Gain Control By Controlling Your Fears
The next step in eliminating neediness is to quit giving your fears so much power over you. Neediness is born out of fear, and we hate being afraid. As a result, we try to control our partners so that we can stop being afraid. However, in trying to control others, we actually give away our power. We have given up what’s known as our locus of control – we have ceded our ability to influence our own life to the actions of others. In trying to insulate ourselves from loss, we give others the power to destroy us; our relationships go from mutual love and respect to a state of constant vigilance against loss.
However, if we focus on controlling the source of our discomfort – our fears – instead of the target, we can take that control back. Our fears revolve around imagined nightmare scenarios – that we’ve done something wrong, that our lovers don’t really want us and so forth. By taking conscious control of those images, we’re able to rob them of the power to affect us.
This is going to sound a bit woo-woo but stick with me. This works, I promise.
When you find yourself playing out the worst-case scenario, start to change how you picture it. When you see yourself being dumped, then imagine your partner in clown makeup. Or change the octave of their voice, as though they’ve been sucking down helium balloons. Imagine her head continually shrinking. Change the entire scene so that it’s being scored to “When The Merry-Go-Round Broke Down”. When your jerk-brain floods you with all the ways you’ve fucked up or signs that your relationship is in danger, picture them as wildstyle graffiti on a wall, layering upon itself until it becomes nothing but incomprehensible visual noise. The more absurd you make it, the less power it has to hurt you.
As you start to de-fang your fears, start imagining things going well instead. See your partner enjoying themselves with you, or taking time out of their busy schedule to return your text. Let the new scenarios overtake the ones your fear conjured up. Taking control of your fears and neutering them brings your power back inside, instead of leaving you at the mercy of others.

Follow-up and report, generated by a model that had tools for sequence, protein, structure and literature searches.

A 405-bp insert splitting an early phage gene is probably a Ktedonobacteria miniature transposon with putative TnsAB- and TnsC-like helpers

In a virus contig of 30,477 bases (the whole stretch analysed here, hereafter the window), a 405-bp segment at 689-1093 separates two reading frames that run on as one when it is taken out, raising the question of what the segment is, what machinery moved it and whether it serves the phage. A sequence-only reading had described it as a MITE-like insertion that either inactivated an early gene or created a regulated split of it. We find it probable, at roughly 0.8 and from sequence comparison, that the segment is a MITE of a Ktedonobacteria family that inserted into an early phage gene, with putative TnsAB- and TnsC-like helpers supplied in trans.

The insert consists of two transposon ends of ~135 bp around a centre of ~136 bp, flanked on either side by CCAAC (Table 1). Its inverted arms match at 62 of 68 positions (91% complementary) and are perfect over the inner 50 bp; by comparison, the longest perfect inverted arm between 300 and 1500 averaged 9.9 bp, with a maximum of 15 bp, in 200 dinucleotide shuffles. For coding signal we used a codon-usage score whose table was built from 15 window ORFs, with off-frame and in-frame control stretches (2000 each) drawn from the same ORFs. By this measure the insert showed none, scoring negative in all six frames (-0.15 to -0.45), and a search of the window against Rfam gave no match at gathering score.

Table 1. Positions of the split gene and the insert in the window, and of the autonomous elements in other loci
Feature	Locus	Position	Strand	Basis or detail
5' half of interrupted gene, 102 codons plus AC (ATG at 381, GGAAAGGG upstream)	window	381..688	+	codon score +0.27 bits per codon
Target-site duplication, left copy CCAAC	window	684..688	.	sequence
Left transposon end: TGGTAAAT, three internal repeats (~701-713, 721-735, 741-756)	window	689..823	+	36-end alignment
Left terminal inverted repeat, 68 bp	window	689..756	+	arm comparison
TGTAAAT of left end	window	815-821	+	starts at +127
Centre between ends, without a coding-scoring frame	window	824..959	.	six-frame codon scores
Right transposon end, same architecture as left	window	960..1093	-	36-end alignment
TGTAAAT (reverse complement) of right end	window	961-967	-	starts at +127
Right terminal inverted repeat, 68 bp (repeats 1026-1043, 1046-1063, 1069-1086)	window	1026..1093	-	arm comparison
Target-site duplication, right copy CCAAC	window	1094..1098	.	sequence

Stop Letting Your Relationships Define You
One of the commonalities of needy people is that they have no strong sense of self. Much as with where we get our validation, if we have no core, no identity of our own, we tend to define ourselves by our relationships to other people. People who “don’t know how to be single” or who’ve let being undesirable become part of who they are are especially prone to needy, clingy behavior. When you apply that label to yourself – the One Who’s Not Good With Girls, for example – it becomes central to your being. However, defining yourself by external factors means that your identity is incredibly fragile. Anything that threatens to affect that sense of self becomes inordinately terrifying. After all… if you’re not in a relationship with wozername, who are you?
Ask For What You Need
One of the core problems with neediness isn’t having needs in the first place, it’s how you go about trying to fulfil them. One mistake people make when trying to eliminate neediness from their lives is that they try to pretend that their needs don’t exist in the first place. In order to avoid appearing to be needy, they try to hide or repress how they feel. This, of course, works about as well as you might expect. As any Victorian can tell you, trying to shove your feelings deep down only causes them to bulge out in other, even more inconvenient ways.
Part of what makes us so unhappy – and what leads to needy behavior – is working under the assumption that asking for what we want is somehow bad. You can see this happen all the time in relationships: the assumption that our friends, family and lovers should just know what we need. Other times we may feel that simply saying the words is an inconvenience or a sign of immaturity. But unless your partner’s actually a mutant, then you can’t expect them just to read your mind to know what you want.
After all, obscuring your insecurity or desire for a stronger connection means that your partner won’t understand what it is you’re asking for. Pestering your partner with “Are you ok? Are you sure you’re ok? Is something wrong?” is annoying. It feels as though you’re saying you can’t trust them to be honest about their emotions. Telling them “Hey, sometimes I get a little anxious and need some reassurance,” on the other hand, lets them know what you really want.
At the same time, obscuring your needs with clingy behavior makes it even harder to address why you have them and where they’re coming from. You can’t resolve the underlying causes if you won’t face the symptoms dead-on. Taking ownership of your needs and expressing them openly and honestly changes your relationship with them. Asking for what you need from your partner, instead of trying to force it on them, lets the two of you come together to resolve things.
This article originally appeared on Dr. Nerd Love